From the Harlem Renaissance of the 1920s, to the Black Arts Movement of the 1960s and 1970s, and into the 21st Century, Black writers have chronicled American life with piercing insight and verve.

For Black History Month, I’ve complied a list of 15 essential works. Like any list of greats, mine is subjective, idiosyncratic, and flawed, omitting numerous essential writers, especially women. Nevertheless, it’s a start. In several cases, I recommended an additional companion book.

1. Notes of a Native Son (1955) and The Fire Next Time (1963) by James Baldwin. Two essential collections by the writer who practically invented the art of the personal essay. No one has done it as well since.

2. Native Son by Richard Wright (1940). Bigger Thomas, an impoverished youth from Chicago, murders a white woman, setting the stage for one of the finest novels of the 20th Century.

3. Their Eyes Were Watching God by Zora Neale Hurston (1937). A soulful Southern love story, exploring race, sex, gender roles, and female sexuality in a way that hadn’t been done before.

4. Tales (1967) and The Dead Lecturer (1964) by Amiri Baraka. A collection of impressionistic stories and a book of poems showing the central figure of the Black Arts Movement at his best.

5. Invisible Man by Ralph Ellison (1952). This single masterpiece catapults Ellison to the top tier of American writers in the 20th Century.

6. Beloved (1987) and Song of Solomon (1977) by Toni Morrison. The first African-American woman to win the Nobel Prize in Literature wrote 11 novels. These two are arguably her best.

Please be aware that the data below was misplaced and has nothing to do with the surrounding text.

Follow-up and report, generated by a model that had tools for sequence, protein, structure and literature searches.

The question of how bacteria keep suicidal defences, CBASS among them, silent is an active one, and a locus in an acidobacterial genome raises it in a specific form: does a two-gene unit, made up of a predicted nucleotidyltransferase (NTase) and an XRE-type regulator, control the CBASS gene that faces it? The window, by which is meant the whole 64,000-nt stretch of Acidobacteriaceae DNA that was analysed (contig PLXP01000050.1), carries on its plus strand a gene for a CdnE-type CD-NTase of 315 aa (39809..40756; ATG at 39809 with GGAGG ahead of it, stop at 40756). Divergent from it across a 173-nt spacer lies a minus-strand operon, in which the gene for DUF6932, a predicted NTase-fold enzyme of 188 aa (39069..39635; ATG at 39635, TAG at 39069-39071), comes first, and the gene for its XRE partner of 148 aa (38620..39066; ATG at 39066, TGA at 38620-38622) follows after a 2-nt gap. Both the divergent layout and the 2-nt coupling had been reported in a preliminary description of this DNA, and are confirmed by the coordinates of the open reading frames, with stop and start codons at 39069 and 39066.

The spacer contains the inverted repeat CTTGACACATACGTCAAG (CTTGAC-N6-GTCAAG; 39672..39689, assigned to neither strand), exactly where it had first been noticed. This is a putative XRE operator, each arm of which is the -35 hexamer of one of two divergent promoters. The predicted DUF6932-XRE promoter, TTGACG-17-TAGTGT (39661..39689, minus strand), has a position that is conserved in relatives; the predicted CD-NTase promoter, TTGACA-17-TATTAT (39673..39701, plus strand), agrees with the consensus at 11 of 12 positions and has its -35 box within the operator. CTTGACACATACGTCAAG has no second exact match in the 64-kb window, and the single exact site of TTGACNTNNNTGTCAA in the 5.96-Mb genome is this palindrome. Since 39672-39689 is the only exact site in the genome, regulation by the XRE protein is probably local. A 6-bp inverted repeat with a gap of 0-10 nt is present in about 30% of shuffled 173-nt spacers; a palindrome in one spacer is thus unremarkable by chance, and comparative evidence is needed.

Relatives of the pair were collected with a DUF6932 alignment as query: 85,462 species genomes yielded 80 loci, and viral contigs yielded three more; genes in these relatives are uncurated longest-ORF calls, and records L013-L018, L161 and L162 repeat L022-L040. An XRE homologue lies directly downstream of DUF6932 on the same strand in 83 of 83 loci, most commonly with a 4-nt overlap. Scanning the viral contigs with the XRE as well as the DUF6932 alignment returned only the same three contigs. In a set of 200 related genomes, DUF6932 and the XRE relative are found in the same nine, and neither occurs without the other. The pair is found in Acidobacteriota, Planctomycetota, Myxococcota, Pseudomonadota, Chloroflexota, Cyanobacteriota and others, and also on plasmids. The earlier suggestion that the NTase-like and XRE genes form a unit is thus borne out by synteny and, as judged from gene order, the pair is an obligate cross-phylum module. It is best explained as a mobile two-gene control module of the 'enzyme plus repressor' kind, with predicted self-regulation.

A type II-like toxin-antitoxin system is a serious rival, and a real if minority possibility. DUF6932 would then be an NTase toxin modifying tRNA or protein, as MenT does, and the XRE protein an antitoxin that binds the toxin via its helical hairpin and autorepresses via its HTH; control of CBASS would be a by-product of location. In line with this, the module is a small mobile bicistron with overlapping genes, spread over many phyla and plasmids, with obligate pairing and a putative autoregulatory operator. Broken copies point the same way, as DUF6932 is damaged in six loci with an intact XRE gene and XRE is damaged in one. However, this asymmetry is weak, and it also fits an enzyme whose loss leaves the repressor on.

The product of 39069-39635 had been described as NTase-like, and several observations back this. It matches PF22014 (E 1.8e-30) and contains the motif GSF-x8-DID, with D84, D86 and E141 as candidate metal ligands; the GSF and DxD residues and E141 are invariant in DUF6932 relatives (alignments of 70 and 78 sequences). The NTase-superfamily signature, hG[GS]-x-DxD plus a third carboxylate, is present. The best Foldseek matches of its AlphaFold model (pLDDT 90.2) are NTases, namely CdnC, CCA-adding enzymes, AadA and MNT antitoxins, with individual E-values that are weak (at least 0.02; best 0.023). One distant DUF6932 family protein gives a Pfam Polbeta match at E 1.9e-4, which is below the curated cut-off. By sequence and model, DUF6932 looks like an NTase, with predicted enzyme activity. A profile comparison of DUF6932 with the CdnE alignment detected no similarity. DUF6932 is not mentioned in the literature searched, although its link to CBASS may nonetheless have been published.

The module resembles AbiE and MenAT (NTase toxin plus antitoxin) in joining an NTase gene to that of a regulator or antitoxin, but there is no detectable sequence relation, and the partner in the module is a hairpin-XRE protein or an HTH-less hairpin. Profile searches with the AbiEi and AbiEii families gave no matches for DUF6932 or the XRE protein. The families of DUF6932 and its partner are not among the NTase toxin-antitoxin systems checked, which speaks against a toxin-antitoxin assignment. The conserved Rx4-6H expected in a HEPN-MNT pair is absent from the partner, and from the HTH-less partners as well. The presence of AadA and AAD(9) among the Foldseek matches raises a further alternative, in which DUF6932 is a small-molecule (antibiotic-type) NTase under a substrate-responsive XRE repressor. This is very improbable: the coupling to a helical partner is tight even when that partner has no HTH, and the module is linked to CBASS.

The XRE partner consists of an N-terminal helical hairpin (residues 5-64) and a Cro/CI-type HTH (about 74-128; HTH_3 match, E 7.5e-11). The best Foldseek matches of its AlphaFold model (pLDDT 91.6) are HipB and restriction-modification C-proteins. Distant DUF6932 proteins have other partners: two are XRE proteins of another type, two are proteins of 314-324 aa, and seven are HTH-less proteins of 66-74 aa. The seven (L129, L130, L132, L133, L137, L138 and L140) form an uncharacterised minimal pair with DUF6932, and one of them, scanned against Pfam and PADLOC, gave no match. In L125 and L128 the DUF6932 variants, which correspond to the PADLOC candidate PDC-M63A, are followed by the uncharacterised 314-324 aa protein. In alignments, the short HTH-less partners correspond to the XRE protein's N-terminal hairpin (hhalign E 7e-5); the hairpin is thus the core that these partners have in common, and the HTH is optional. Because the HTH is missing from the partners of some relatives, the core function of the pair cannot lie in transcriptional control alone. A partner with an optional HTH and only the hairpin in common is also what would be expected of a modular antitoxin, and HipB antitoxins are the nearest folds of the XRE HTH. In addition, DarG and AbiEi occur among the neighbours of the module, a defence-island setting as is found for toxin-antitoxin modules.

7. Cane by Jean Toomer (1923). A masterpiece of the Harlem Renaissance, this series of vignettes, many rooted in Southern folk culture, is poetic and surreal.

8. Cruelty by Ai (1973). Ai is indispensable for her raw power and uncompromising honesty. Her poetry inhabits a dystopian world of outcasts, women with crushed dreams, and violent men.

9. Raisin in the Sun by Lorraine Hansberry premiered on Broadway in 1959. Her aspirational play takes its title from the famous poem, “Harlem,” by Langston Hughes.

10. The Sellout by Paul Beatty (2015). A biting, outrageously satirical novel about racism in America that spares no sacred cows.

11. Selected Poems of Langston Hughes (1990). This collection spans a 40-year career that began in the 1920s. A leading figure of the Harlem Renaissance, Hughes was often called the people’s poet.

12. The Color Purple (1982) by Alice Walker won a Pulitzer Prize in 1983. It is the best known book by one of the nation’s most important writers.

13. The Autobiography of Malcolm X by journalist Alex Haley (1965), and The Dead Are Arising: The Life of Malcolm X by Les Payne (2020). A Pulitzer Prize winning journalist, Payne wrote the definitive biography of Malcolm X. Like the autobiography, it is essential to understanding one of the greatest human rights leaders of the 20th Century.

14. Dapper Dan: Made in Harlem, A Memoir (2019) by Daniel R. Day. From street hustler and dice wizard to Gucci god, Day spins an amazing true life story of tenacity and artistry.

15. Writing my Wrongs: Life, Death, and Redemption in an American Prison by Shaka Senghor (2017). Mass incarceration created a generation of black male writers who came out prison and told their stories as only they could. This is among the best.

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